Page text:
The Revit 2010 user interface changes provoked some pretty strong reaction and, in turn, reactions to the reaction.
Although not alone in his opinion Phil Read, on his Arch | Tech blog, was one of the leaders in the anti-ribbon campaign. He even created a T Shirt featuring the “secret” command to revert to the old “classic” UI The (over)reaction came in the form of his classes at AU being dropped which was something I opposed on my blog and more directly. I wasn’t alone in that and eventually sanity prevailed. Phil appeared at AU2009 with a session on “Insanely Great Stairs”, another on Film & Stage design using Revit.
I actually like the ribbon UX and would rather tolerate the flaws in the new Revit UI over the old one. It’s not perfect but I think the contextual ribbon has far more potential to cope with future development than the old UI. Maybe it’s also because I don’t spend my life in Revit with a typical day involving half a dozen applications (inc Revit Arch & MEP), nearly all with Fluent UI interfaces.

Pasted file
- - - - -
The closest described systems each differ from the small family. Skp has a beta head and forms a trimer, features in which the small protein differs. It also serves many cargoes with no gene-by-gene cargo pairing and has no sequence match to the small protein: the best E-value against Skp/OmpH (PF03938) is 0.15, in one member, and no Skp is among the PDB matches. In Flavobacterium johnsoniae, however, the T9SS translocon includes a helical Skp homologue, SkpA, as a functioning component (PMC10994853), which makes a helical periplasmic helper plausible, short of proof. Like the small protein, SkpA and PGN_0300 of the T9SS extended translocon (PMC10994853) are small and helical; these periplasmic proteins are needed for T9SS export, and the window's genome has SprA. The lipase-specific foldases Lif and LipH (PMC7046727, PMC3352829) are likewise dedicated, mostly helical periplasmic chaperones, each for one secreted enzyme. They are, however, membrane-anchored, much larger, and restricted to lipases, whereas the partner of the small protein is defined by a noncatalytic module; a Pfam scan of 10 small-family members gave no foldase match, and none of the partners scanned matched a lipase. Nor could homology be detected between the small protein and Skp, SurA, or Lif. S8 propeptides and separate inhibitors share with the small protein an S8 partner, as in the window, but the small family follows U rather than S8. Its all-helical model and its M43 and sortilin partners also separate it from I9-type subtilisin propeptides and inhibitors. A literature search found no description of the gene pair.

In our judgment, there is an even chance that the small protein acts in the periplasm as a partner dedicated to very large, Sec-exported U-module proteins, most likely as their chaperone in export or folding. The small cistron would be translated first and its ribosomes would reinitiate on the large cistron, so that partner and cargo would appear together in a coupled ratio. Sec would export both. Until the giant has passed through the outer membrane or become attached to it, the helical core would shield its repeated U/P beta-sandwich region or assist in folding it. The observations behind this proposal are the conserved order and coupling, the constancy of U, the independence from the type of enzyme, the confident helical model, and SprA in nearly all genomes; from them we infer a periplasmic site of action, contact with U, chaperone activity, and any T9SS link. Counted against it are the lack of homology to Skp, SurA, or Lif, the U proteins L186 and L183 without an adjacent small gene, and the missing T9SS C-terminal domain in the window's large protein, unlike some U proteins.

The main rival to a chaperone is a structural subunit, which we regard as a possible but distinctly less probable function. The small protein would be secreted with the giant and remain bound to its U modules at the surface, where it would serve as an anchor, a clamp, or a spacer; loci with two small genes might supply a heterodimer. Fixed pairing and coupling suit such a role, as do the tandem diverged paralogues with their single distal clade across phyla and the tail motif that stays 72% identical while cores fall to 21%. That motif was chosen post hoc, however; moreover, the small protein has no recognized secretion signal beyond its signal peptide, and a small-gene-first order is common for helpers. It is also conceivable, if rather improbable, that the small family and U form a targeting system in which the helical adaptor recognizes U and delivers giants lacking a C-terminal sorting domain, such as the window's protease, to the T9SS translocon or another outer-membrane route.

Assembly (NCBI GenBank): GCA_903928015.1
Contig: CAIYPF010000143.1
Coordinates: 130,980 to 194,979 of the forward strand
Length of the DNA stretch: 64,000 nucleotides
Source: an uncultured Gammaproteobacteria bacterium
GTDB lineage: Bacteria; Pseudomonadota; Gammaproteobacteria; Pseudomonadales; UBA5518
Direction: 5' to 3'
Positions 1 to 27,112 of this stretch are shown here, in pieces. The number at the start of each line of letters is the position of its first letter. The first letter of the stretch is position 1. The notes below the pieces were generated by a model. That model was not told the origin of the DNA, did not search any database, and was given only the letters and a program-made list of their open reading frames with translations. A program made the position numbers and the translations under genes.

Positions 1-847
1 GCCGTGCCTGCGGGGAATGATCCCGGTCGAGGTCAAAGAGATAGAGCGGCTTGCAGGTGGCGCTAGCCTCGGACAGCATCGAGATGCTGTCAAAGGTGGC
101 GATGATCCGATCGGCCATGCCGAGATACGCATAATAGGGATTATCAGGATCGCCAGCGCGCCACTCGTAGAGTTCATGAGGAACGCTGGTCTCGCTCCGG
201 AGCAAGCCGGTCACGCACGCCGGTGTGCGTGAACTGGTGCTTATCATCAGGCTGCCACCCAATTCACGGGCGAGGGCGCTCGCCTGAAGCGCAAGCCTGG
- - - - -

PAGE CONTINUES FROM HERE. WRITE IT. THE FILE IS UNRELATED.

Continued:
For me the Revit change was more about failing into line rather than a new world to be conquered. Yes it needs work, the last update helped a bit, and perhaps some form of personalisation but I’m firmly in the “improve it and don’t go back” camp.
While watching Jason Howden presenting Revit MEP at Revit User Group Auckland I has an idea for an anti use2009UI=1 shirt and scribbled this (right) on Sketchbook Mobile. I knew I would see Phil at AU so a SnagIt of the real ribbon and bit of CorelDraw’ing later resulted in:
I presented a shirt to Phil to wear with pride, or otherwise as he likes, but didn’t get a photo. Fortunately I corrected omission that last week a bit closer to home. Maybe I should follow Phil into the T Shirt business but for now there are only a few of these. I know one made it “Inside The Factory”!